In the years that followed Pakistan saw an unsteady succession of elected governments and military coups. For example, Benazir Bhutto elected to prime minister twice, was ousted twice over economic concerns. She self-exiled herself over corruption allegations, and then upon her return in 2007 was ultimately assassinated. Nawaz Sharif was elected three times, but was ultimately ousted by Gen. Pervez Musharraf over concerns of corruption and violations of Pakistan's "code of conduct" in regards to military appointments. Gen. Mushaffaf's coup of Sharif brought back military rule to the struggling nation. Interestingly the Pakistani public, familiar with military rule throughout its young history, viewed the takeover as a positive step and hoped it would bring back desperately needed economic restoration. These types of coups have been a common episode throughout the short history of the Islamic Republic.

U.S. and Pakistan Relationships over the Years

Since Pakistan became a new nation, the United States has had a partnering relationship with the country. More resembling of a "love and hate" type of relationship, the connection between the U.S. and Pakistan has been bonded throughout the years in common interests. During the early years, Pakistan asked for military and financial assistance from the U.S. to help the young nation with internal security concerns. Pakistan based the importance of this new relationship on the proposal that the Soviet Union was a common enemy and that a strong, united, and secure Pakistan was in the best interest of both countries in order to preserve U.S. interest in the Middle East. However, it was apparent to the United States that Pakistan was using a relationship with the U.S. as a benefit in the conflict with India over the Kashmir region. This relationship mostly dissolved after the U.S. backed the India government during the 1960's. India was at odds with China, and Pakistan had turned to China for assistance during this time as well. This became a conflict of interest for the U.S. and was against the American anti-communism policy at the time, and America could no longer support a nation who was collaborating with a communist nation.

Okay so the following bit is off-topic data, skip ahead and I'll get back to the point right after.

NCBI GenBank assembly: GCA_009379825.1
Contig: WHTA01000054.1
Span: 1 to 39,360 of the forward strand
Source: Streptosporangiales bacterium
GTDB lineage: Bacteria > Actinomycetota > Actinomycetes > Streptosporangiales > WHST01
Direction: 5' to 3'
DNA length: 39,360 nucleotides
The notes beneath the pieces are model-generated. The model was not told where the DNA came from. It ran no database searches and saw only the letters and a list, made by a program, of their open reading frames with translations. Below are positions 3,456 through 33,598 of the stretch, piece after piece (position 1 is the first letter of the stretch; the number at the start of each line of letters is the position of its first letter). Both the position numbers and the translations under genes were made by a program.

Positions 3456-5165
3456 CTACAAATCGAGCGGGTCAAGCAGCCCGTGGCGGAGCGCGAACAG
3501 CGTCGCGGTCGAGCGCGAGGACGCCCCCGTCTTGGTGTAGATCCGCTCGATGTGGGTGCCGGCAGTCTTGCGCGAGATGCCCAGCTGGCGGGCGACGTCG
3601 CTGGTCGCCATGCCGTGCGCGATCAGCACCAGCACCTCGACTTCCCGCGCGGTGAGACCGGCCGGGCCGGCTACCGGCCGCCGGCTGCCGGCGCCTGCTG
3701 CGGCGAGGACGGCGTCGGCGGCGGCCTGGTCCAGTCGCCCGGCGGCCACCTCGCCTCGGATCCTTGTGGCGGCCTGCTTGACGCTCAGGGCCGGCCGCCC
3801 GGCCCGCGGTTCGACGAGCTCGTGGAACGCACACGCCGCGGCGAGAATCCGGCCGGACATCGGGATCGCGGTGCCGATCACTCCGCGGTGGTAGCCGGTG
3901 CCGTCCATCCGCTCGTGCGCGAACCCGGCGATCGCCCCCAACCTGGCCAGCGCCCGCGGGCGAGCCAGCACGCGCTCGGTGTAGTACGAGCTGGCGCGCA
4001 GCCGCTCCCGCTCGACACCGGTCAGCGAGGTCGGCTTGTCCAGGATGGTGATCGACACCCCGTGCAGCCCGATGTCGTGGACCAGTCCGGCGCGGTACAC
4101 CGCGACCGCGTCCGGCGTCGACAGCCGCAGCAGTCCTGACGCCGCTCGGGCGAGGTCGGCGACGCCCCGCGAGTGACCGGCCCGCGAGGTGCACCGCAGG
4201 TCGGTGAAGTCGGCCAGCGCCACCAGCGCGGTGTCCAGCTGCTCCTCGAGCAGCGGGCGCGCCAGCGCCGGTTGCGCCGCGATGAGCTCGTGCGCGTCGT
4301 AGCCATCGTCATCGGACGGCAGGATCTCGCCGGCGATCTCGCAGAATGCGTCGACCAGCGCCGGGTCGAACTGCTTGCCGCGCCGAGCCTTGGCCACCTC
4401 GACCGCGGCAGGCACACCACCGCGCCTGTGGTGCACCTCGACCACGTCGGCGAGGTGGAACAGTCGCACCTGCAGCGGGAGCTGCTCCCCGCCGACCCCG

During the Soviet invasion of Afghanistan in the 1980's, the two nations allied again against the Soviets. The U.S. supported a Pakistan surrogate conflict against the Soviets in Afghanistan, and backed the Inter-Service Intelligence Agency (ISI) with the Central Intelligence Agency (CIA) with efforts against Soviet helicopters. However, during this second alliance the U.S. did not address the social concerns, economic shortfalls, and the growing radical Islamic movement in Pakistan, but did focus its efforts and concerns towards the developing Pakistani nuclear program. Since this second relationship was solely based on the Soviet invasion, with their departure from Afghanistan and the end to conflict, so was the end of the U.S. relationship with Pakistan. Even though there were indications that the U.S. backed mujahedeen fighters were establishing a more radicalized ideal in the war struck nation. The U.S. government at the time did not see this as a concern towards American interests in the region, and felt as though the radical focus would be on the U.S.S.R. Additionally, to further strain relationships, this period was followed by a decade and